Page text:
Tuesday, November 23, 2010

National Weather Service Radiosonde Found!

Guess what we found in our woods?  A radiosonde released by the National Weather Service!

First, some history on radiosondes:

For over 60 years, upper air observations have been made by the National Weather Service (NWS) with radiosondes. The radiosonde is a small, expendable instrument package that is suspended below a 2 meter (6 feet) wide balloon filled with hydrogen or helium. As the radiosonde is carried aloft, sensors on the radiosonde measure profiles of pressure, altitude, geographical position (Latitude/Longitude), temperature, relative humidity, wind (both wind speed and wind direction), and cosmic ray readings at high altitude.  The weight of a radiosonde is typically 250 g (8.8 oz). It should also be noted that the average radiosonde is lost and never recovered.

Worldwide there are more than 800 radiosonde launch sites. Most countries share data with the rest of the world through international agreements. In the United States the National Weather Service is tasked with providing timely upper-air observations for use in weather forecasting, severe weather watches and warnings, and atmospheric research. The National Weather Service launches radiosondes from 92 stations in North America and the Pacific Islands twice daily. It also supports the operation of 10 radiosonde sites in the Caribbean.

The radiosonde that we found was suspended by a rope, ranging in a tree.  It had the remains of a small balloon at the end of the rope.



We cut it out of the tree and brought it home for inspection.  It was released by the NWS from Sterling, VA on 9-23-10.
 

A message on the instrument requested it be returned to the NWS.  A prepaid envelope was inside the box.


The machine had various gauges on it for taking different readings.








We packaged it up and returned it so it can be reused by the NWS.


 
 

16 comments:

Farm Girl said...

That is so cool. I am such a weather nut and I love reading all about that kind of stuff, it just makes me laugh that you found one. I have read about them but had never seen one before.

Kessie said...

Wow! That is so cool! Almost like some kind of treasure, except you have to send it back.

I like how it says "Harmless Weather Instrument" all over it, so people don't think it's a bomb.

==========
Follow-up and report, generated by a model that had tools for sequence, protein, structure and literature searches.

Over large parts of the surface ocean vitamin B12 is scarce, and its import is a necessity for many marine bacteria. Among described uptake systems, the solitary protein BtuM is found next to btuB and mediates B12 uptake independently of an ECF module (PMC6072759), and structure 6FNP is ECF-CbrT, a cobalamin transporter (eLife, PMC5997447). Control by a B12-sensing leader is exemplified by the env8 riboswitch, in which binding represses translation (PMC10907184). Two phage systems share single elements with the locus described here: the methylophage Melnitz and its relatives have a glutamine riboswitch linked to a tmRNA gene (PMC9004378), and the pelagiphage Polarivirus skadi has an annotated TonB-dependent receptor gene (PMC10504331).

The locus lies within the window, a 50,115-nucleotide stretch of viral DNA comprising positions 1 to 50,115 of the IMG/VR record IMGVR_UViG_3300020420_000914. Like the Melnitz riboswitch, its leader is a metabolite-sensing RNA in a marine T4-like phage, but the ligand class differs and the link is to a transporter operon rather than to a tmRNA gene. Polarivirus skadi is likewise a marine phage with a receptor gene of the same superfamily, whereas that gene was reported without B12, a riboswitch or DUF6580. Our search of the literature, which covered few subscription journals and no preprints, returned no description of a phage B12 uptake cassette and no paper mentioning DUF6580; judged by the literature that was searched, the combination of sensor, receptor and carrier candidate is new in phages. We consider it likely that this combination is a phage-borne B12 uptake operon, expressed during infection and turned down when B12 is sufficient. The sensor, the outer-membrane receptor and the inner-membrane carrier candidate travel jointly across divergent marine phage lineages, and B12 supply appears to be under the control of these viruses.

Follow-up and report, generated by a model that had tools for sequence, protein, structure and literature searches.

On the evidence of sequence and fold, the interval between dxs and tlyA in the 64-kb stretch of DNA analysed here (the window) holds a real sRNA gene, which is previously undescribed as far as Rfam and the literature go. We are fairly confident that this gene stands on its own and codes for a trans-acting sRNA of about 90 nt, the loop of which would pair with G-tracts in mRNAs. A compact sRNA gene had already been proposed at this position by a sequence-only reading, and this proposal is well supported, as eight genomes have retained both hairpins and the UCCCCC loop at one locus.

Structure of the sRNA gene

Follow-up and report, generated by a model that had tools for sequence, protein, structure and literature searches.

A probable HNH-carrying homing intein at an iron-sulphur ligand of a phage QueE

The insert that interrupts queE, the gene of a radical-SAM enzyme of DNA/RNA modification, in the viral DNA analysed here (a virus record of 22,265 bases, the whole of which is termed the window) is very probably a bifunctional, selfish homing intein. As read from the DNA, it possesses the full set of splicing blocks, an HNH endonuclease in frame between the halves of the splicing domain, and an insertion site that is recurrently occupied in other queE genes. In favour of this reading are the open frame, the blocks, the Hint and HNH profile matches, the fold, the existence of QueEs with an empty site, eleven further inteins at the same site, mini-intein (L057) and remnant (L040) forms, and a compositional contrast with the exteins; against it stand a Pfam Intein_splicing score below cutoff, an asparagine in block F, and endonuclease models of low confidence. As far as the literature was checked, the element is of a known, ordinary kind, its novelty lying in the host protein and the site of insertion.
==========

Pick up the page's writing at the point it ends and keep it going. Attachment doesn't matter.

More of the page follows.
CaliforniaGrammy said...

Wow ... not too many of us get to see one up close and personal!

CeeCee said...

Looks like a kid put it together--masking tape everywhere.
Very cool find. At first I thought it said "homeless" weather instrument.

frugalmom said...

Wow! That is pretty cool! The kids and I would love to find one of those on our property.

Was it recent, do you know?

Terry said...

Way cool!! My Dad was a meteorologist, and I like all things weather related.

Poconoangel said...

Very cool! I never heard of these things!

Verde Farm said...

Ok, that is totally cool. Did you know what it was when you found it? I've never heard of a radiosonde and this is a neat thing to know. I bet there is good luck in finding a radiosonde. Thanks for sharing :)
Amy

Toni aka irishlas said...

That's pretty cool! Never seen one before.

Happy Turkey Day!

Knatolee said...

I had never heard of these before. How cool! And good on you for sending it back. Thanks for sharing this.

Robin said...

Wow! That is amazingly cool.

Genny said...

Lynn, that's so cool -- reecylable weather equipment! Learn something new every day!

Anonymous said...

hi, new to the site, thanks.

Anonymous said...

Hi! I just found one of these out in the woods sitting on the ground as if it had been placed there. I unrolled the bag that I found, and realized the "garbage" I saw was actually something useful. I was a little afraid to touch it, because it was a chunk of styrofoam with a wire sticking out of it. But I plan to retrieve it tomorrow and mail it back to them.
I found mine on one of the forest service roads near Heber, AZ.
I find it a little thrilling, too. -Stacey E.

Razzberry Corner said...

Stacey - You are the only other person that I have ever heard from who found one of these! Congrats! Welcome to the radiosonde club!! :) Maybe we'll find some more people who found these things!
~Lynn

Anonymous said...

I bought one of these from a classmate back in grade school sometime during the late 70's. I think I paid him 5 dollars for it. He didn't have the parachute, just the instrument package. He said it was tangled in a tree and they had to cut the shroud lines of the chute to get the instrument package down. I kept it for a number of years, and opened it up and examined it. Not sure whatever finally happened to it though.

Sometime after that I actually saw another radiosonde descending from the sky on it's parachute and I chased it through the woods for a couple miles until I finally lost sight of it. Wish I could have found that one!